3 Reasons Why the NBA's Return Positions Warriors for Their Last Dance

Updated: Jun 15


Jerry Krause could see "cracks in the foundation" of the Chicago Bulls dynasty as it entered its last dance with Phil Jackson and Michael Jordan. He saw Jordan's wingman Scottie Pippen miss significant time due to two operations in two years. He saw Dennis Rodman and Luc Longley deteriorate physically as the wear and tear of multiple championship runs caught up to their aging bodies. And he saw multiple supporting players become unaffordable as his capped-out Bulls could no longer afford role players with championship pedigrees.

Now one of those role players faces a similar predicament as head coach of the Golden State Warriors. Eight-time NBA Champion Steve Kerr has seen his aging stars Steph Curry and Klay Thompson miss significant time to injury. He's seen the physical struggles of players like Draymond Green and Kevon Looney following short offseasons. And he's watched as once diamond-in-the-rough role players have driven their market value beyond Golden State's capacity given the franchise's current salary commitments.

As each member of Golden State's injury-riddled core will be in their 30s when Golden State returns to action next season, the Warriors dynasty is over according to members in the media such as Stephen A. Smith, Nick Wright, and Jalen Rose.


But as the NBA's Disney World restart gives new life to this year's contenders, it also gives new life to a Warriors dynasty in search of its 4th title in 7 years.

Here are 3 reasons why the NBA restart positions Golden State for a return to title contention in 2021:


1. Rest and Recovery


In Game 5 of the 2019 NBA Finals, Golden State star Kevin Durant tore his Achilles in what turned out to be his last game as a Warrior. Things couldn't get worse for the Warriors… until they did.

Klay Thompson tore his ACL in Game 6 of that NBA Finals and has yet to return to action. Steph Curry played in just one game in the calendar year 2020 due to a broken bone in his hand. Draymond Green missed roughly half the 2019-2020 season due to a series of nagging injuries. And oft-injured 23-year-old Kevon Looney underwent a core muscle surgery last month after playing just 20 games this season.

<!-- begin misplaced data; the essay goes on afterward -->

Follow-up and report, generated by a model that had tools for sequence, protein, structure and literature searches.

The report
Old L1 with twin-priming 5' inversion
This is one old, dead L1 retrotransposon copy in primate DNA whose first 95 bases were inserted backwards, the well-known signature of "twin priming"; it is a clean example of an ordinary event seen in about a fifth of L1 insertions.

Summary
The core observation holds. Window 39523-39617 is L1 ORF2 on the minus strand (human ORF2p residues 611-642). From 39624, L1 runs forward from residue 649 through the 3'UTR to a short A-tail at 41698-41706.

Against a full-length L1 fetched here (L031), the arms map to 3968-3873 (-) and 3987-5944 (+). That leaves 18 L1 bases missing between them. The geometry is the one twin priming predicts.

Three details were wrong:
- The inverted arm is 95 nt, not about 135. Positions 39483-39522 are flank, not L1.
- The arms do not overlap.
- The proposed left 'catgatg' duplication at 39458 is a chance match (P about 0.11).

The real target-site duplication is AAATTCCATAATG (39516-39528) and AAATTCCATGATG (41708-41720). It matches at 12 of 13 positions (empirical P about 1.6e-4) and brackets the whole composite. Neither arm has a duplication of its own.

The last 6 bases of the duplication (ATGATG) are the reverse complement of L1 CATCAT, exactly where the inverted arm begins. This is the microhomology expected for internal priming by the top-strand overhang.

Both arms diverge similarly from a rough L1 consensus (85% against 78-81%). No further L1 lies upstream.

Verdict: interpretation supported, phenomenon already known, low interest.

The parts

The NBA's Disney Bubble plan pushes the start of the 2020-2021 season to December 1st, providing the depleted Warriors with much needed recovery time following 5 straight NBA Finals appearances.


2. Turnaround for Competition


While Golden State's stars rest, recover, and train for the 2020-2021 season, teams of equivalent talent will play as many as 36 games between July 31 and October 12. Contenders such as the Los Angeles Lakers and Milwaukee Bucks will then return to training camps in November before starting another season on December 1st.

Come December 1st, Klay Thompson, Steph Curry, and Draymond Green will play their first set of back-to-back games in 18, 13, and 9 months respectively.

The aging Warriors could not have caught a better (or longer) break than that provided by the NBA's July return.


3. Opportunity Following Salary Cap Drop


One often overlooked factor affected by COVID-19 is the 2021 NBA Salary Cap.

According to ESPN Insider Bobby Marks, fans can expect the NBA salary cap to drop by as much as $25-$30 million next season due to lost revenues from forgone games and empty arenas in 2020.


Golden State had already committed to contracts putting them more than $44 million over the pre-COVID salary cap and $20 million over the luxury tax threshold.

Typically, a reduced cap would harm an already capped-out team like the Warriors. However, if the Warriors' ownership continues showing a willingness to pay exorbitant luxury taxes, Golden State can benefit from the reduced cap due to two assets in its possession: its Traded Player Exception (TPE) and Taxpayer Mid-Level Exception (MLE).

A decrease in salary cap will likely force non-contending teams to part ways with expensive pieces who do not serve as building blocks for the future. Consequently, the trade market will be ripe with veteran contributors who are best suited on contending teams. Golden State's $17.2 million TPE (from the 2019 Andre Iguodala trade) will provide the Warriors with the means to absorb the contract of such a player without giving up any player assets or facing any cap penalties.

Should the Warriors' trade partner demand more in return for the player of their choice, Golden State also has a top 5 2020 NBA Draft pick at its disposal as well as the Minnesota Timberwolves' 2021 first round selection.

While Golden State's Traded Player Exception gives the Warriors flexibility via trade, the team's Taxpayer Mid-Level Exception will enable General Manager Bob Myers to improve his team in free agency. The roughly $6 million allotment (prior to any cap changes) gives a capped-out Golden State team the means to add a veteran free agent in pursuit of an NBA Finals appearance. As the salary cap shrinks due to the economic impact of COVID-19, so does the market for aging free agents like Paul Millsap, Derek Favors, and Marc Gasol. The opportunity to compete for a ring may be enough to lure a player of this caliber to Golden State as the NBA's economic state diminishes the demand (and consequent salary expectations) for these aging contributors.


Was the Warriors dynasty dead following Kevin Durant's departure to Brooklyn and DeAngelo Russell's trade to Minnesota? A league worst 2020 record certainly reinforced this idea.


But after coronavirus cut Golden State's tumultuous 2020 season short, the virus's league-wide impact ultimately extended the Warriors' title window.


Hear Mike and I discuss this topic as well as the NBA's return plan and more in this podcast episode:



Also streaming on Apple Podcasts, Spotify, and Stitcher.


- Doug Battle, Co-Host of Fanalytics


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